CLAREMONT — The City of Claremont received a “clean” audit for last fiscal year and ended fiscal year 2020 with a small surplus despite late impacts from the ongoing novel coronavirus pandemic.
An independent audit of last fiscal year gave Claremont’s financial operations an unmodified (“clean”) report, meaning the auditors found the city in compliance with all federal and state accounting regulations and did not report any issues requiring correction.
This marks the city’s thirteenth consecutive year of receiving a clean audit report, an achievement that dates back to 2007, according to City Assistant Finance Director Lisa Richmond.
“We work really hard to make sure it’s done right,” Richmond said.
Audits primarily serve as financial records to private investors and public or nonprofit grant programs, Richmond explained. Maintaining consistently clean records is particularly critical to a municipality like Claremont that relies heavily on federal grants.
“Having clean audits helps move you up the list for consideration for funding,” Richmond said.
Achieving Claremont’s consistency in clean audits requires a team approach and a lot of oversight, including internal audits of city departments.
The audits over the past 13 years include state and federal audits, the latter of which are considerably more rigorous, Richmond noted. Additionally there have been at least three independent auditing firms contracted during this time.
“This is not just us being chummy with one firm,” Richmond said. “We have had three. And they each go into their initial audits looking for anything they can find.”
Vachon Clukay & Company, a Manchester based auditing firm, completed the city’s fiscal year 2020 audit. The final report was released last week.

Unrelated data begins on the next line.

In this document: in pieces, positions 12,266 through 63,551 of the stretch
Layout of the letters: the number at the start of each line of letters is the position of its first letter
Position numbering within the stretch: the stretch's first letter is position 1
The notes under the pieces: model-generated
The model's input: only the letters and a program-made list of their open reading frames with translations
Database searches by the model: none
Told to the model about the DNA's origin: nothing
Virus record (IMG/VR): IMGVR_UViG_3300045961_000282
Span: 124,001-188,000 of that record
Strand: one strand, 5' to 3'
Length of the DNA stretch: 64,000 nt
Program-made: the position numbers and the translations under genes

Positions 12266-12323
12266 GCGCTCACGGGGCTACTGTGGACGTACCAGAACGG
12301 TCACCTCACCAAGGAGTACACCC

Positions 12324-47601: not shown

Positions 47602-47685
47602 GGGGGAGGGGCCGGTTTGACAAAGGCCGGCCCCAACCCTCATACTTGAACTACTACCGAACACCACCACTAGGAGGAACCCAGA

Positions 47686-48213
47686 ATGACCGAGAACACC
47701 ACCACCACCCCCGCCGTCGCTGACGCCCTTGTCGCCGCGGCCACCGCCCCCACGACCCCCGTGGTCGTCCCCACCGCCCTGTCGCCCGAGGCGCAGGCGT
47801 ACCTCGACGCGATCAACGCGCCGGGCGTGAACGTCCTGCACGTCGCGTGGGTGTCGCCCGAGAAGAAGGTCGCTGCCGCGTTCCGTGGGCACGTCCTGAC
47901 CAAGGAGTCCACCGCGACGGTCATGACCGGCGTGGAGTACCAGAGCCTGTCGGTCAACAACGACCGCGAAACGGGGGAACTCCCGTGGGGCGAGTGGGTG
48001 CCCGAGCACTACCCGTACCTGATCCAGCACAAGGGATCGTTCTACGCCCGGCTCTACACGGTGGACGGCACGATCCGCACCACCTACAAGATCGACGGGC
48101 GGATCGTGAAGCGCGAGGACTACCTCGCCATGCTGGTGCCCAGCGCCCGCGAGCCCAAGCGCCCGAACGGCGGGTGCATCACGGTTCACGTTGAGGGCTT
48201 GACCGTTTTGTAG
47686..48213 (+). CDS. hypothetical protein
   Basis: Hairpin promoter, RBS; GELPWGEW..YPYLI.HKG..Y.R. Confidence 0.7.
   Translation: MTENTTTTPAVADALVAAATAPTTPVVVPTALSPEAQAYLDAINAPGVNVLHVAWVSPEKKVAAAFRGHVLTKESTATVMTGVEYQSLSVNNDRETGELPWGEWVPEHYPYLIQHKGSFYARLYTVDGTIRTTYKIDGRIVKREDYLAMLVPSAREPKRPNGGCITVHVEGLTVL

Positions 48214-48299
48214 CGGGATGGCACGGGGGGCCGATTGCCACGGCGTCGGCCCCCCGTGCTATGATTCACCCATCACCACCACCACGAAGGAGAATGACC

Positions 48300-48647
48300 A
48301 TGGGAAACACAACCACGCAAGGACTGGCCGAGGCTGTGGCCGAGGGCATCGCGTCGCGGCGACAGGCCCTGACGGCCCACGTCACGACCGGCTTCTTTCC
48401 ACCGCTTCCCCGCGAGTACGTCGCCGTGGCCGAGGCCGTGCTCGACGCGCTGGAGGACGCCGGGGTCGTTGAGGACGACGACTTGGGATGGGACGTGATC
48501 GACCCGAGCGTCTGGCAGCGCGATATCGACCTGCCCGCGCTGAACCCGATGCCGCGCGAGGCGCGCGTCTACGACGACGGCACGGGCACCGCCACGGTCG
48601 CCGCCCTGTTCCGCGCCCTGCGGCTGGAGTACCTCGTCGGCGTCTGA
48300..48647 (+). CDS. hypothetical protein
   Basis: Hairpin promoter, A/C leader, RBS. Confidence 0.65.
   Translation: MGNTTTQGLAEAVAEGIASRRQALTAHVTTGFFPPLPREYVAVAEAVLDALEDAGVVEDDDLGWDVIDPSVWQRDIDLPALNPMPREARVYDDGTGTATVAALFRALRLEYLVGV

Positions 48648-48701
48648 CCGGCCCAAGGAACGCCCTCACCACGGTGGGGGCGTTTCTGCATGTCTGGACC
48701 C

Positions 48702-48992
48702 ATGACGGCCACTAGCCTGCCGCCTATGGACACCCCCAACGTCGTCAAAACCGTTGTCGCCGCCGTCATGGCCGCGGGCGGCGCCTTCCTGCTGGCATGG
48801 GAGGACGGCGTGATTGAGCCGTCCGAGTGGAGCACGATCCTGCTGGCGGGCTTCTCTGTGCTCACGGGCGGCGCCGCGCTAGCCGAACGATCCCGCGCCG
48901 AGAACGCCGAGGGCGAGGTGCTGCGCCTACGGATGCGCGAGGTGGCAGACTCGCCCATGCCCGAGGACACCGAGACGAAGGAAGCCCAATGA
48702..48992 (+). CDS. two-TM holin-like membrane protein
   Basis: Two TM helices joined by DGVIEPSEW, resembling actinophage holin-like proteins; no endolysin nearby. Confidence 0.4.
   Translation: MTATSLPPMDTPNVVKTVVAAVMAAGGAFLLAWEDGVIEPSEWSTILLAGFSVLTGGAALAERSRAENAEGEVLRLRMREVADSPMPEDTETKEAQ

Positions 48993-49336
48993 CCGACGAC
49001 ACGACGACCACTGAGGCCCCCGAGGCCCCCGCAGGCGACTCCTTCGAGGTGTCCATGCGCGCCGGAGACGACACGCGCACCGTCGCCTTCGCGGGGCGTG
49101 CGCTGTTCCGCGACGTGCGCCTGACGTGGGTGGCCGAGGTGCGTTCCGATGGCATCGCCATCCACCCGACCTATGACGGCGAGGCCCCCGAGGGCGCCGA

According to the audit Claremont ended last fiscal year with a net surplus of $570,000, which brings the city’s unassigned fund balance to $2.39 million.
Overall Claremont’s actual expenditures in fiscal 2020 were $890,000 less than the city budgeted, explained Tammy Webb, an accountant from Vachon Clukay & Company.
Most of these savings were a result of the last fiscal quarter when the novel coronavirus pandemic forced citywide department closures and suspension of many services. Part time and many full time employees were furloughed and the city saved additionally on utility costs from unopened buildings.
Furloughed employees were eligible to receive the federal unemployment bonus through the CARES Act and still maintained their health insurance policy through the city, Morris said.
The city also received $274,000 more in vehicle registration fees than projected last fiscal year.
The city also encountered a few revenue shortfalls, Webb noted. Revenue from the Claremont Community Center was $157,000 less than budgeted due to the center’s closure during the pandemic from March through most of June. Additionally projected tax income from deeded or auctioned properties was $385,000 less than projected in the budget.
The year-end unassigned fund balance of $2.39 million equates to 13% of the city’s general operating cost. The city fund balance policy strives to maintain a balance between 5% to 15% of its operating expenditures.
Morris said that $530,000 of the unassigned fund balance will be used to offset costs in fiscal year 2022. Morris is proposing a municipal budget of $11,586,641 to be raised by taxes. The proposal level funds the city tax rate at $15.17 per $1,000 of assessed property.
In the long term Morris said he would like to shift from relying on the unassigned fund balance to stabilize the tax rate, as budget surpluses are not annually guaranteed. Claremont budgets have drawn from the unassigned fund balance the past three years.
However, the next budget cycle is expected to be tight, according to Morris. The city is anticipating an increase of over $237,000 in employee retirement obligations and a loss of $212,000 the state is proposing The city is anticipating a significant downshifting of costs in the 2022 state budget, including an increase of over $237,000 in Claremont’s employee retirement obligation and the loss of over $212,000 in state aid to the city’s sewer fund, based on the proposed state budget.
Morris said he ideally aims to build the fund balance level to 15% of the city’s operating system cpenses, to strengthen the city’s position to acquire favorable interest rates.